Use Proven Strategies to Keep Resolutions

Posted: September 19, 2011

If you made New Year’s resolutions, set yourself up for success to achieve your goals. So many times, we fail to keep our resolutions. In fact, according to Lou Mueller, Utah State University Extension Family and Consumer Sciences Agent, a research study in which 1000 people participated showed that 98 percent did not keep their resolutions.

     Ms. Mueller says that those who are successful in changing their behavior exhibit six strategies that lead to success. Studies show that implementing a combination of any four of the following tactics can help you follow through.

     Create an environment that will help you achieve your goal. If you resolve to cut spending, leave credit cards home, freeze them, or consider canceling all but one, and stay away from shopping malls and shopping websites. If your goal is to lose weight, stock up on fresh fruits and vegetables and avoid fast foods, which can contribute significantly to obesity.

     Identify motivation. Make sure your motives align with your values. What matters most?  Perhaps a resolution to do a kind deed daily for someone else or to spend more time with family and friends is more meaningful to you than a self improvement goal. 

     Increase your skills. If your resolution is to save money, gain expertise by learning more about budgeting and personal finance. Check out this great extension resource for more information on financial topics:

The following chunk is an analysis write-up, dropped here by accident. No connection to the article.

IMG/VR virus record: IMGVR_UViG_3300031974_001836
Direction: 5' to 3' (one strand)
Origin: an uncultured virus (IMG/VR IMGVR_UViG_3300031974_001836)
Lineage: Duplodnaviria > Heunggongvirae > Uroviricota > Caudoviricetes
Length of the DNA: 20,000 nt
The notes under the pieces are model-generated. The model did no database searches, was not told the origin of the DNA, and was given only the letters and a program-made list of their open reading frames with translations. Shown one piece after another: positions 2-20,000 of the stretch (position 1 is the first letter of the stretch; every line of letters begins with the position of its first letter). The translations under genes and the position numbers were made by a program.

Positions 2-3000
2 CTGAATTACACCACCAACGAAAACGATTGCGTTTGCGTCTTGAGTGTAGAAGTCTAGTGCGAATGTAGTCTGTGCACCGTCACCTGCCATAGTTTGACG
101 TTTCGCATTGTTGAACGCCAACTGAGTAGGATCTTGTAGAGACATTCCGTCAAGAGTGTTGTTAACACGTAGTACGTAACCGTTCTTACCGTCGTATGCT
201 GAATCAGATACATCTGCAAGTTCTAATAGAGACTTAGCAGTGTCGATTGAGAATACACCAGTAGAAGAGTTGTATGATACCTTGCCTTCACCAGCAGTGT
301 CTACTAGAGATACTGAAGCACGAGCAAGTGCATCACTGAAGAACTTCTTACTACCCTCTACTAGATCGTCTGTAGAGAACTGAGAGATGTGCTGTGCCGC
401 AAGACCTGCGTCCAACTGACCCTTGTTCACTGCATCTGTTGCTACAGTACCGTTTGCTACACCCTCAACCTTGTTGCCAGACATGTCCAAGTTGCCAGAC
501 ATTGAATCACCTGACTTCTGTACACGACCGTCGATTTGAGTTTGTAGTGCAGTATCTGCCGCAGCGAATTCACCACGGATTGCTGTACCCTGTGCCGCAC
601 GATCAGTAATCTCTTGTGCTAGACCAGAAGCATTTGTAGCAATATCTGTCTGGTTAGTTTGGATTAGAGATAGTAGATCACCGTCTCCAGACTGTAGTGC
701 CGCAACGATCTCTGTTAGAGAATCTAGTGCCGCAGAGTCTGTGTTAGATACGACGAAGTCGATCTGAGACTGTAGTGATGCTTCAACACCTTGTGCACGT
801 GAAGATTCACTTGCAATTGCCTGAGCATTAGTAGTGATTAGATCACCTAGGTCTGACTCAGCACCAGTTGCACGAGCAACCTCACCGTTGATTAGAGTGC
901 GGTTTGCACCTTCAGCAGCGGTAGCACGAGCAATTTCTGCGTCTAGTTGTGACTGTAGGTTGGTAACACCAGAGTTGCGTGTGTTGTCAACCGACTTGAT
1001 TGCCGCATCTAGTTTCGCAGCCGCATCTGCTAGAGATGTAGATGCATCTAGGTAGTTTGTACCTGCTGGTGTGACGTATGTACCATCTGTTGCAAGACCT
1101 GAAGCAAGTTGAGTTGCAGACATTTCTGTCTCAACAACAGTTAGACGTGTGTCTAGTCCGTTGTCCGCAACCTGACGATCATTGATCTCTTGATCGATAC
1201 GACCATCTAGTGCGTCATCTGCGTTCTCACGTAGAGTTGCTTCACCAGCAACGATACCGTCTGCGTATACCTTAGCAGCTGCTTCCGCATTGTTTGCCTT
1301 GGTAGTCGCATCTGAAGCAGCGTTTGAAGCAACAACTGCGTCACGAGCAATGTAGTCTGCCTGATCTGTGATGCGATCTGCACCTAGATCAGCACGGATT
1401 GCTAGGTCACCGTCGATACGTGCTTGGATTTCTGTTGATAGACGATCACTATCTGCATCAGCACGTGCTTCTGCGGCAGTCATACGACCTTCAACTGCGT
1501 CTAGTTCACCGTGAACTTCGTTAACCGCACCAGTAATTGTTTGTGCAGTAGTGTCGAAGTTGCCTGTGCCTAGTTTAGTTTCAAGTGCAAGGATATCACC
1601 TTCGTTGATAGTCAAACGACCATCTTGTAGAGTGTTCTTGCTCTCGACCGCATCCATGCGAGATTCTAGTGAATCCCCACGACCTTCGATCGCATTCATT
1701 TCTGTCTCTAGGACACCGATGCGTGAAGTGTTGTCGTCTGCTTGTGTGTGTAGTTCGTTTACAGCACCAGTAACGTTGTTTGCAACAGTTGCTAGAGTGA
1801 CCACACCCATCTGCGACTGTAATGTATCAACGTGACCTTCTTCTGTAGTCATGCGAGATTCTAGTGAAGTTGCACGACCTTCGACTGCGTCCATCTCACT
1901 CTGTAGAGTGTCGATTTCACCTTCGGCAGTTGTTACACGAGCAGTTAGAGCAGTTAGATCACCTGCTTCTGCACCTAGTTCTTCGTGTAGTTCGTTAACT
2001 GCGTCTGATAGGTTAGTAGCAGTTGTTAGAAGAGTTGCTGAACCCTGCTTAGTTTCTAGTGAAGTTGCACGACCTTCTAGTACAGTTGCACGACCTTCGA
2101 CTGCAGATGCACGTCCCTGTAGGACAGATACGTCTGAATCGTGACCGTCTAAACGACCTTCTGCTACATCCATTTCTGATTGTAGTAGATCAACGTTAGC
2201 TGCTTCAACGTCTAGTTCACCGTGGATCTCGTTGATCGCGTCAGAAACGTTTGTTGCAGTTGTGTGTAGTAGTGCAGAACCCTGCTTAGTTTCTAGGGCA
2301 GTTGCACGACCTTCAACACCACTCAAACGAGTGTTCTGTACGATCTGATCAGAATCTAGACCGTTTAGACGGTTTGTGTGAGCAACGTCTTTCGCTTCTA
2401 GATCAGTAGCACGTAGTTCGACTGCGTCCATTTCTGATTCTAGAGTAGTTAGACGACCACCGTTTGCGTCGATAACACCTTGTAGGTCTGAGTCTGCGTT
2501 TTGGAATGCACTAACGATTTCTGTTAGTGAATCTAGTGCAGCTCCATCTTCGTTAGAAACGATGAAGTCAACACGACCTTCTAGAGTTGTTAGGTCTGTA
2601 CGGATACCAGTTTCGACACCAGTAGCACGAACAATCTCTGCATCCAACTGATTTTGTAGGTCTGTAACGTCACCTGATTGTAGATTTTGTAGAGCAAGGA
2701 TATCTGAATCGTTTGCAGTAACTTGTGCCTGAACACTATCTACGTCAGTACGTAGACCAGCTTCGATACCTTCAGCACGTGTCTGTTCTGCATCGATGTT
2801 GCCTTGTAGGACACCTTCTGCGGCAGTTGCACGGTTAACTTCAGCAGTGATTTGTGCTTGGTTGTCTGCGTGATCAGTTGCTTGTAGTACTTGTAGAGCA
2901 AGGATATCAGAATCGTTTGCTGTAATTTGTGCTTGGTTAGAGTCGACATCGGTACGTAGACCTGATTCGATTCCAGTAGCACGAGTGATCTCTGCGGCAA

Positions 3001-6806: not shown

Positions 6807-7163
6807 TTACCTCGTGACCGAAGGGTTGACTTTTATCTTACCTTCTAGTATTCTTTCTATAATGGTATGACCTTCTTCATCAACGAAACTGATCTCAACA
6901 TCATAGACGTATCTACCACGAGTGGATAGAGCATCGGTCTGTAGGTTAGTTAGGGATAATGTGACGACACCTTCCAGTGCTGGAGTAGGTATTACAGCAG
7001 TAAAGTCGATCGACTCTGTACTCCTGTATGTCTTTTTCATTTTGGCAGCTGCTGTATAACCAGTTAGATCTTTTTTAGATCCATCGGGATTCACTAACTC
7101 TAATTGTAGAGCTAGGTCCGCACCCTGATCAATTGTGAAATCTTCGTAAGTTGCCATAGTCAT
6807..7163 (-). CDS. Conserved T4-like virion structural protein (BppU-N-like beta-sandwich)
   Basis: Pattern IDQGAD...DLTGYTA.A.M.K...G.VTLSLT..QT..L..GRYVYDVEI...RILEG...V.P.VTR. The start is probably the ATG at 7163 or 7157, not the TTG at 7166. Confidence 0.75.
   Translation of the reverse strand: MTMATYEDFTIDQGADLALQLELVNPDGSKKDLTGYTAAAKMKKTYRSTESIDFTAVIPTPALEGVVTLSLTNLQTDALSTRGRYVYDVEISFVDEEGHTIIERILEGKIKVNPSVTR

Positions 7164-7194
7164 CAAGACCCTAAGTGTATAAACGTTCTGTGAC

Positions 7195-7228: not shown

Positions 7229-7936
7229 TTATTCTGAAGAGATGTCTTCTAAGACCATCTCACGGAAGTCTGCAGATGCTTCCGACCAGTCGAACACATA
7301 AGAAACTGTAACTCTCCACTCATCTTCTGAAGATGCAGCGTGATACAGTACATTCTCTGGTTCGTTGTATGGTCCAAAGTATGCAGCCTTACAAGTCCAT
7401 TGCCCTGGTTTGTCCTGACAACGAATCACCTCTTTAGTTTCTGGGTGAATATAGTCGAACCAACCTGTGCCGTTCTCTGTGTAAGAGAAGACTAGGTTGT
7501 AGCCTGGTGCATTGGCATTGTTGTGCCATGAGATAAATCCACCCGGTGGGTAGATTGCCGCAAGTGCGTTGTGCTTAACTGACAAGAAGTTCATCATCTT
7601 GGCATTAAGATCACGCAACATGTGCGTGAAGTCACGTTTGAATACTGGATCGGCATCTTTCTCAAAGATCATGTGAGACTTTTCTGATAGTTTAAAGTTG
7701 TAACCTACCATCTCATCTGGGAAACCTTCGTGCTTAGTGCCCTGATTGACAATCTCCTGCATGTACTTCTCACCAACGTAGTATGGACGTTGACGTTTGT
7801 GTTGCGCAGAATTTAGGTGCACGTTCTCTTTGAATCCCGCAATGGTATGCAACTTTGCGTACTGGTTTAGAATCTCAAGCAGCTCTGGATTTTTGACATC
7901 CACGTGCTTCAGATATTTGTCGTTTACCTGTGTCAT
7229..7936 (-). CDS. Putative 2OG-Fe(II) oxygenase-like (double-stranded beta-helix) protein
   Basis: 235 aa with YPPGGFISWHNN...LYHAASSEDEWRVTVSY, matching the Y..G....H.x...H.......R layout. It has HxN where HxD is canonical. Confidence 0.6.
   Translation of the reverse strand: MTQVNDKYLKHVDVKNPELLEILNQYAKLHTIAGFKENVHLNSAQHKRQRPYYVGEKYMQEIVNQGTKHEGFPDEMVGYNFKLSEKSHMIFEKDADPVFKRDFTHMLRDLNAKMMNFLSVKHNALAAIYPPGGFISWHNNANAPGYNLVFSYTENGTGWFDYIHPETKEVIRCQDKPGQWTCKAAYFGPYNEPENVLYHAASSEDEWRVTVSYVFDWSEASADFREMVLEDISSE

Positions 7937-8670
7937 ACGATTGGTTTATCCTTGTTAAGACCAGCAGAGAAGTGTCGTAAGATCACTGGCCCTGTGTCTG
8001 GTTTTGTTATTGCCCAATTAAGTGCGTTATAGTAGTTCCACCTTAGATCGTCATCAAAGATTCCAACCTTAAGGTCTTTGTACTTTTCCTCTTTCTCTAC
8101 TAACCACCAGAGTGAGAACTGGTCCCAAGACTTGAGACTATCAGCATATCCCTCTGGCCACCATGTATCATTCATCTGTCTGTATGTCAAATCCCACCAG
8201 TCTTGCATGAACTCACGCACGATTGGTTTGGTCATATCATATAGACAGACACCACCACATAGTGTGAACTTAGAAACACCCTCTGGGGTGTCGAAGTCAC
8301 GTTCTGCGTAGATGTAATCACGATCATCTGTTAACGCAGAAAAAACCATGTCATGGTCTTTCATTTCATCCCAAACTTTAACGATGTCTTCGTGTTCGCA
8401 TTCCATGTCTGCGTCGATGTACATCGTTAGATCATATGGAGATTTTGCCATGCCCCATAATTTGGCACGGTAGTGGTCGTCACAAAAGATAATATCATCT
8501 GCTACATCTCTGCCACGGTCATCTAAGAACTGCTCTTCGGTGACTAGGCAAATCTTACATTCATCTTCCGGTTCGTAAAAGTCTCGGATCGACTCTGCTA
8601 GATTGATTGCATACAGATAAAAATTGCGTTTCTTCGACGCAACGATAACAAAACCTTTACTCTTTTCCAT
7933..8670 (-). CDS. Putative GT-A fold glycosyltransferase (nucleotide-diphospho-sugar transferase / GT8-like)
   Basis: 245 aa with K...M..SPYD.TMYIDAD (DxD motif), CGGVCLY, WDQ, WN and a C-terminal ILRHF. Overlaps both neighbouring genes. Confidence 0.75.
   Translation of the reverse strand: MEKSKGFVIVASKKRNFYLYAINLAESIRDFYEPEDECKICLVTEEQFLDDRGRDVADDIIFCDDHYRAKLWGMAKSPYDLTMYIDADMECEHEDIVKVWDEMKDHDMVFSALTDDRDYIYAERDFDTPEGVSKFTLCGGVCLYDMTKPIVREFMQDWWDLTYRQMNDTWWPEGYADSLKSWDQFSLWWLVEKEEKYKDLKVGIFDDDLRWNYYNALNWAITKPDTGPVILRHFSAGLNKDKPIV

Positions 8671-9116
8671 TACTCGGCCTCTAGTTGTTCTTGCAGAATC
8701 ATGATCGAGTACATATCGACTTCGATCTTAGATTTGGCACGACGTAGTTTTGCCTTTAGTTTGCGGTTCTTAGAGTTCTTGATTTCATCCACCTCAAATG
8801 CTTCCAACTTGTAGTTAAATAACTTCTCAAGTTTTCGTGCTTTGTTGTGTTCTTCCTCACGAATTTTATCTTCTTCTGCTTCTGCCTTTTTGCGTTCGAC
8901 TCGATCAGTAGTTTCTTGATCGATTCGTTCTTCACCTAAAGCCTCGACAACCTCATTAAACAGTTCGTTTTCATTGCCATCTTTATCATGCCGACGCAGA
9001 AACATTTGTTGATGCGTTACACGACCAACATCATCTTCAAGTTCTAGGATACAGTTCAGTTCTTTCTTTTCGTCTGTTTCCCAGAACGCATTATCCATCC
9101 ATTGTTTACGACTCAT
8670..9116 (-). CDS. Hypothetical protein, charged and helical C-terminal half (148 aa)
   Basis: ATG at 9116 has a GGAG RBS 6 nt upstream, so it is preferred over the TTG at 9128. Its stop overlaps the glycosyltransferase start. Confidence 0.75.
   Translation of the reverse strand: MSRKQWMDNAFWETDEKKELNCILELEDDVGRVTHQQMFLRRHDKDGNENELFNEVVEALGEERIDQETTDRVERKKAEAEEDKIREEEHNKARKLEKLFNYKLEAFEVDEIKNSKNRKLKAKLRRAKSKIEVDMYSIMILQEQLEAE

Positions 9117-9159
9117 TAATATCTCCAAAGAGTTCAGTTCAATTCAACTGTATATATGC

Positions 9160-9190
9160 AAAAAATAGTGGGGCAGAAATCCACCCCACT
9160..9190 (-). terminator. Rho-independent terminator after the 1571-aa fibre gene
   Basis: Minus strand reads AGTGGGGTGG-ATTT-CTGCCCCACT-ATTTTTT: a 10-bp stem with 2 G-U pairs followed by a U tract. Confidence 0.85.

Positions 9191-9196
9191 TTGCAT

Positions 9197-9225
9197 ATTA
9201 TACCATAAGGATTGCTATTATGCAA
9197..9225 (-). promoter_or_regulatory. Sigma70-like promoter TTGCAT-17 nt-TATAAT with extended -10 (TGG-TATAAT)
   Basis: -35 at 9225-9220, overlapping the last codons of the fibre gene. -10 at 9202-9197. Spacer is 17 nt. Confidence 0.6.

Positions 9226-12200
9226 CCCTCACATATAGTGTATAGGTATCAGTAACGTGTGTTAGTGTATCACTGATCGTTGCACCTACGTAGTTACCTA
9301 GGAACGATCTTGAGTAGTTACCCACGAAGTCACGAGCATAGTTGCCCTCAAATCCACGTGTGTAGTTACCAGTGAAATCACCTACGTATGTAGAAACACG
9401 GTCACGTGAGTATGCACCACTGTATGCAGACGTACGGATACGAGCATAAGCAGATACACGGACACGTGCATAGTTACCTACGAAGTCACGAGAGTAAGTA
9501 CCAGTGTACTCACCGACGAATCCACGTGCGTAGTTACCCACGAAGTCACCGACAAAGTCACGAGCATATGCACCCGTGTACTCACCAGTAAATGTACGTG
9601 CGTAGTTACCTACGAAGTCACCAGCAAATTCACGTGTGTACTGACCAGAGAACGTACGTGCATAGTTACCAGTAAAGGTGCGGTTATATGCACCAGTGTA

Enlist the help of others. Get reinforcement from family, friends and colleagues; those individuals whom you know will truly support and encourage you. They can boost your confidence when willpower starts to slip.

     Stay away from social situations and people who may not be supportive. Two resolutions that make the top ten list every year include “stop smoking” and “stop drinking.” If you are working on either of these, this tip is particularly important for you.

     Reward yourself. Measure small milestones and be sure to celebrate success.

     Remember that you're in for the long haul. Don't expect to slip up, but be prepared for temporary failure in case it happens. If you do slip up, don’t give up. You can still achieve your goals if you persevere.

    Karen Thomas is a family and consumer sciences educator for Penn State Cooperative Extension of Lackawanna County.